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The creative industry in the kingdom faces two challenges

The creative communication industry is no exception to all the transformation that has happened across other fields



To know how consumers changed in Saudi Arabia, we need to understand the drivers behind this change. I believe the most important of them is the fact that Saud Arabia has a such a large young population. This young energetic generation is so curious and fast in adopting all new technologies as they emerge, jumping on trends and even creating new ones. The transformation started in our country after the announcement of Vision 2030.

The ongoing progress and achievements of this transformation has strongly impacted the mindset, spirit and lifestyle of Saudi consumers. Saudis today live with the inspiration of a ‘confident creator’. While this is not the place to detail how the clear vision of our country has recreated them anew, when it comes to the communication industry and brand creativity, Saudi consumers are well-informed and have a stand and an opinion about products, services, and most importantly, on how brands should communicate to them.

With every creative campaign, people are quick to critique with a solid convection about a specific idea or particular execution. Their loyalty to commercial brands has come to stand on a fragile ground; they help the brands that understand them well and consistently know how to talk to them. Since the dawn of the internet, the Saudi population started as digital savvies, but throughout the recent years, the line between online and offline is rapidly blurring.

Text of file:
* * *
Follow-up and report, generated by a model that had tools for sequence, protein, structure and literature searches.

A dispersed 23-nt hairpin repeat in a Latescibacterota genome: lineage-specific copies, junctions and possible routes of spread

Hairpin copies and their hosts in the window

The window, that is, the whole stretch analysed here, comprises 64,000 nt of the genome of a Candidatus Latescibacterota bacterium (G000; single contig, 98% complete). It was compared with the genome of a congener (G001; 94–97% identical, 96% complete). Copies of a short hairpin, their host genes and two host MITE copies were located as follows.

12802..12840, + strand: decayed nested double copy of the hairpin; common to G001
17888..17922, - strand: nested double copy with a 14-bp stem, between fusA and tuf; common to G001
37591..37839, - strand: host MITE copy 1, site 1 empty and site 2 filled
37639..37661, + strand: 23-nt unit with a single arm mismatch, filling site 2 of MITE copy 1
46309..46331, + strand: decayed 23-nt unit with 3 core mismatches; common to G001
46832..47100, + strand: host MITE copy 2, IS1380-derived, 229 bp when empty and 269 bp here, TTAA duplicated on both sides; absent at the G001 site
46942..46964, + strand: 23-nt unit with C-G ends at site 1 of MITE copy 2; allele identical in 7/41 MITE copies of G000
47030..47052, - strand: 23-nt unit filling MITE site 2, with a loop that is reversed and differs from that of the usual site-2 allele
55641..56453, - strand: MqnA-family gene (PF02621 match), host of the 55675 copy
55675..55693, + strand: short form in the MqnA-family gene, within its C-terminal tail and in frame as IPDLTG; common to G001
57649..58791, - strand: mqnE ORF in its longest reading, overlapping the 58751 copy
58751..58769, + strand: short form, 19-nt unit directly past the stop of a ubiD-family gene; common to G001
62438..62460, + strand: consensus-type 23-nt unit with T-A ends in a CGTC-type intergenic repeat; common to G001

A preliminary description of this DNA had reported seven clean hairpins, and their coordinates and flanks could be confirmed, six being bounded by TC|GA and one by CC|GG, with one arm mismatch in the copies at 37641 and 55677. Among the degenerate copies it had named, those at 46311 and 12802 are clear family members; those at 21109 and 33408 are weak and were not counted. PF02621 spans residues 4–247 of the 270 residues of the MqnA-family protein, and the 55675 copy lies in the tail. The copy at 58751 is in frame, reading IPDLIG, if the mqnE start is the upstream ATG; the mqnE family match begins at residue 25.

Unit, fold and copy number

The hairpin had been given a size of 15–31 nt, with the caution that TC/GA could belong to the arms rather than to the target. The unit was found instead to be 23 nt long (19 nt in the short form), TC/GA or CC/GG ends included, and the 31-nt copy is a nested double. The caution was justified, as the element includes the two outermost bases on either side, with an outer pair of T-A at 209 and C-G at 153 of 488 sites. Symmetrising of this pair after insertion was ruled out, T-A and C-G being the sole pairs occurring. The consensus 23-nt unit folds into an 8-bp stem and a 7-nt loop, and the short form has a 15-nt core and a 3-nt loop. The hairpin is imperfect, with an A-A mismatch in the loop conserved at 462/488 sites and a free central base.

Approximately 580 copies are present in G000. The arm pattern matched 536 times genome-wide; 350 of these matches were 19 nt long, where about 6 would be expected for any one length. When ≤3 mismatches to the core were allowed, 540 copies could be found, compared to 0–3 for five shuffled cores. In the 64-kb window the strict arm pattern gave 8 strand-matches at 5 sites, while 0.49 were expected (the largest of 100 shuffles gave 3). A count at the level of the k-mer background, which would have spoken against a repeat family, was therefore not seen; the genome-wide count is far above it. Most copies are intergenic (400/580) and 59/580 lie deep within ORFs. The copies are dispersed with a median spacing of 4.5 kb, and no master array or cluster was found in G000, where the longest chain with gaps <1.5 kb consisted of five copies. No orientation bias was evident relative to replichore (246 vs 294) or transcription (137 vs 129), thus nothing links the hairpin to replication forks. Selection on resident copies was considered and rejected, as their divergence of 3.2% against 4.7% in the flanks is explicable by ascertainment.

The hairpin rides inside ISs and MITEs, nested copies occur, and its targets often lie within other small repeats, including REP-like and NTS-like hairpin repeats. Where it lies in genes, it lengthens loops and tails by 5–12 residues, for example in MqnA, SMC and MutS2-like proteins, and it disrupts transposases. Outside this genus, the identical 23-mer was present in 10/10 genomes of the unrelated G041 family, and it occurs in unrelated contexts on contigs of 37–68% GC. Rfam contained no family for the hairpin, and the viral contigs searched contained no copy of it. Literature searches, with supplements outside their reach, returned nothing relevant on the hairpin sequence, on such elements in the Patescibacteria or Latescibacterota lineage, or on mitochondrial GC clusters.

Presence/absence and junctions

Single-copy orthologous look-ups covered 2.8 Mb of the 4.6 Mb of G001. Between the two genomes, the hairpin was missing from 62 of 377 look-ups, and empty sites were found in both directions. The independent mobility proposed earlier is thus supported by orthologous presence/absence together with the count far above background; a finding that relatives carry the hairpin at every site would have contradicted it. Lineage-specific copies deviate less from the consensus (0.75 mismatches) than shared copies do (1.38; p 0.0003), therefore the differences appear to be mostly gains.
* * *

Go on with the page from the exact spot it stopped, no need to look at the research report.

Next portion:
We are witnessing an era where online and offline are inter-dependent and each one is creating the other. Moreover, with being more open to the world and becoming an influencing member of the larger global society, young Saudi consumers are gradually growing concerned about social and environmental issues. This was not the case a few years ago. They have started to value brands that are committed to making a positive impact on the world. Such unique consumers will give a share of mind, time, money and loyalty, only to brands that understand them and use this understanding to earn being part of their lives. We in FP7 McCann had made this our mission: we help brands play a meaningful role in people’s lives.


The creative communication industry is no exception to all the transformation that has happened across other fields, because of Vision 2030. And when people change, agencies must change or vanish. Consumers are constantly changing, old technologies die in and constantly new and stronger ones emerge, all the time. In such a world, we need to keep reinventing ourselves, holding onto the one pillar that is defining our industry and it is our core business: CREATIVITY. The agency today cannot but be an irrefutable leader of the business of creativity. The spectrum of offerings is endless and below are a few:

  1. Advertising creativity
  2. Content creativity
  3. Experiential creativity
  4. Social creativity
  5. commerce creativity
  6. Relationship creativity
  7. Entertainment creativity
  8. Data creativity
  9. Product creativity
  10. Design creativity

If we are in the business of creativity, then we are in the business of talents: the new agency model holds a hybrid world of man and technology, at the service at creativity.


The creative industry in the kingdom faces two challenges: talent (quality and availability) and the low percentage of women working in agencies vs men in agencies, and vs women in other industries. As agencies, we have a responsibility to accelerate the maturity of this industry and introduce our business to talent with a modern, fun and young face. At FP7 McCann, we have 4 seats available for internships and external collaborations with young artists and talents all year long.

Mohammed Bahmishan, CEO/CCO, FP7 McCann